September 28th, 2013 | Sports

FOOTBALL | Yale defeats Cornell 38-23

The Bulldog football team stormed the Yale Bowl on Saturday seeking revenge for last season’s 45–6 loss to the Big Red in their Ivy League opener — and, revenge they found.

Yale’s defense forced Big Red quarterback into three turnovers while quarterback Hank Furman ’14 and wide receiver Deon Randall ’14 combined for five touchdowns as the Elis powered past Cornell 38–23. Today’s matchup was all about composure; the Bulldog defense forced Mathews to scramble frequently, while the Yale attack remained stoic as it marched down the field.

“Every year is a new year,” head coach Tony Reno said. “The carry over from last year that we had was growth.”

Captain and defensive end Beau Palin ’14 said he has been happy with how the Bulldogs have been performing, but added that there was still room to improve after last week’s win over Colgate. Today, Yale (2–0, 1–0 Ivy) proved it could dominate through the air as well as on the ground, picking up a total of 566 offensive yards and attaining 30 first downs.

Reno stressed the depth of Yale’s wide receiving corps as an essential part of spreading out the defense and creating opportunities on offense. Randall, wide receiver Chris Smith ’14 and wide receiver Grant Wallace ’15 combined to catch 22 passes for 296 yards.

“We’re a team that has a multitude of weapons,” Reno said. “Randall and Smith, Wallace — you have to defend all those guys at the perimeter. It’s very frustrating to try to defend our offense.”

Yale shocked the Cornell defense right from the opening kickoff. After Smith returned the opening kickoff to the Cornell 49-yard line, a series of punishing runs from tailback Tyler Varga ’15 and a 34-yard strike to wide receiver Grant Wallace ’15 brought Yale to the doorstep. Furman then punched it in on third-and-goal to take a 7–0 lead early in the first quarter.

Cornell (1–1, 0–1) switched to the no-huddle offense to try and keep Yale’s explosive offense on the sidelines, but came up empty on their first possession.

Cornell picked up two first downs on their opening drive, but stalled. They caught a break when outside linebacker Tre’ Minor blocked kicker Kyle Cazzetta ’15 as he attempted a 36-yard field goal halfway through the first quarter.

On the ensuing drive, Cornell kicker John Wells knocked down a 31-yard field goal to narrow the gap to four at 7–3.

With the Big Red facing third-and-13 on the Yale 43 at the end of the first quarter, Mathews was hit as he threw the ball and defensive tackle Jeff Schmittgens ’15 intercepted the errant pass to stop the drive.

The Elis did not capitalize on the gift, however, and Cornell’s offense came out like a Big Red machine on its next drive.

A big pass interference penalty against linebacker Will Vaughan ’15 negated a third down stop for the Bulldogs. Another third down conversion for Cornell brought the ball to the Yale four-yard line. Mathews made the Bulldogs pay two plays later, throwing a nine-yard strike to wide receiver Lucas Shapiro to take a 10–7 lead with 0:51 remaining in the half.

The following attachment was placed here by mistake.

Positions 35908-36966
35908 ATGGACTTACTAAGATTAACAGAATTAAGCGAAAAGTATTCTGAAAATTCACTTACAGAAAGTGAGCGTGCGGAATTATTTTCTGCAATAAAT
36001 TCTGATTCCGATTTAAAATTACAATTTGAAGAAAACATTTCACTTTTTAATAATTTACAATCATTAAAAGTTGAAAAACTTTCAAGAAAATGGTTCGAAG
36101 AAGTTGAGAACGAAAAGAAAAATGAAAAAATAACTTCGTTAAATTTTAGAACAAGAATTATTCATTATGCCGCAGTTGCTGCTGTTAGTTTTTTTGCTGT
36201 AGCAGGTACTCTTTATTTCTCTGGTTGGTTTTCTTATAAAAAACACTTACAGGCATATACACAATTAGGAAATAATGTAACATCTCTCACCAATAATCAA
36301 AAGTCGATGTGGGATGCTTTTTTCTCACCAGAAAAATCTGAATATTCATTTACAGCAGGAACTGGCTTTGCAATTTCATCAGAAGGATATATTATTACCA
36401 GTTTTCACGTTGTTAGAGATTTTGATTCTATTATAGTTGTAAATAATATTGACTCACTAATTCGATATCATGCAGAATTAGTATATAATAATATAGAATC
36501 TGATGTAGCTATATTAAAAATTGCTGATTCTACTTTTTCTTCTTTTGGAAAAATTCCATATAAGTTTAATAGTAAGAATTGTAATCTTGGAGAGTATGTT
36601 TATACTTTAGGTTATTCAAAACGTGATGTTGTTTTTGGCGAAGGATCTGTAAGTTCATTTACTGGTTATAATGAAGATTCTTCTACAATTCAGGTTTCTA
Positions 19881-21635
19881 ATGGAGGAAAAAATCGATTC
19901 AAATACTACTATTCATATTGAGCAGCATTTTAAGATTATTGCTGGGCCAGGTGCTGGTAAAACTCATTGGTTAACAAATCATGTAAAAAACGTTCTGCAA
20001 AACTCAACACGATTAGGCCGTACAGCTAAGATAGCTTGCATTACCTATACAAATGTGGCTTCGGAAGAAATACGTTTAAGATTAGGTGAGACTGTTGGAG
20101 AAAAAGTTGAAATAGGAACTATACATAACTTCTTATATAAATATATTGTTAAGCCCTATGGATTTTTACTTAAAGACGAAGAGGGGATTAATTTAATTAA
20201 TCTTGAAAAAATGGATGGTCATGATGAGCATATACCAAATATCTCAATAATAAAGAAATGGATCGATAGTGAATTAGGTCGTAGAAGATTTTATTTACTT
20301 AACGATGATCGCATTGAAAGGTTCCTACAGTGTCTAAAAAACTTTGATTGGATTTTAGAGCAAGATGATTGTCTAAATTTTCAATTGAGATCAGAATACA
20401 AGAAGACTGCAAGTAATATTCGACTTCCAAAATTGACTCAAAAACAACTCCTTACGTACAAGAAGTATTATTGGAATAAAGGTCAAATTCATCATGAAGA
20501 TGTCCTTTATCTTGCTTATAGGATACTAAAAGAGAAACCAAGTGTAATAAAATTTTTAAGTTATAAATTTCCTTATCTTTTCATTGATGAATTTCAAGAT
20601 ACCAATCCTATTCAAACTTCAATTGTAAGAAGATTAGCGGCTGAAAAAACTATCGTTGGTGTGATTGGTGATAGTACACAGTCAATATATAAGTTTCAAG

The Elis, refusing to finish the first half down to the Big Red, had a few more tricks up their sleeve.

Chris Smith made a big play just prior to halftime, breaking a 33-yard catch to take the Elis inside Cornell territory. Wide receiver Myles Gaines ’17 gained 24 yards along the right sideline, and Cazzetta’s 25-yard attempt knotted the game at 10–10 at the break.

“We have a great culture on the line,” offensive lineman Ben Carbery ’15 said. “We communicate well together… What really impressed me about today was that we didn’t have the easiest first half, but the way we came out in the second half; we took over that game. The offense moved so smoothly.”

While Yale showed that they could strike quickly at the beginning of the game, they proved that once again with a zippy attack in the second half, racking up 28 points to Cornell’s 13. Crucial to the Yale attack, however, was Yale’s consistent and relentless defense.

On Cornell’s opening drive in the second half, linebacker Andrew Larkin ’16 sacked 2011 Ivy League Player of the Year Mathews for a nine-yard loss. Defensive back Cole Champion ’16 lead the Elis with 10 solo and 5 assisted tackles and Palin had three solos and one assisted.

In addition to strong defensive play and a versatile offense, the Bulldogs made the tough plays into spectacular ones when it counted.

On a crucial fourth down at the Cornell 47, Varga broke multiple tackles and spun through a hole in the line for a 19-yard gain. Three plays later, Yale converted a third down into a touchdown as Furman hit Randall for an eight-yard touchdown pass.

Randall went on to catch two more touchdown passes to tie the school record with three receiving touchdowns. The last player to have three receiving touchdowns in a game was wide receiver Ashley Wright ’06 in 2005 — also against Cornell.

Time was of the essence for the Yale offense as none of their scoring drives lasted more than three minutes. On one drive, the Elis ran seven plays for 66 yards in 41 seconds.

“We talked a lot about controlling the controllables: turnovers, penalties and third-down conversions,” Reno said. “The kids did a great job — it’s all them. I can’t say how proud I am of this group.”

Yale managed to attain a 54-point swing from last year’s defeat to this year’s victory.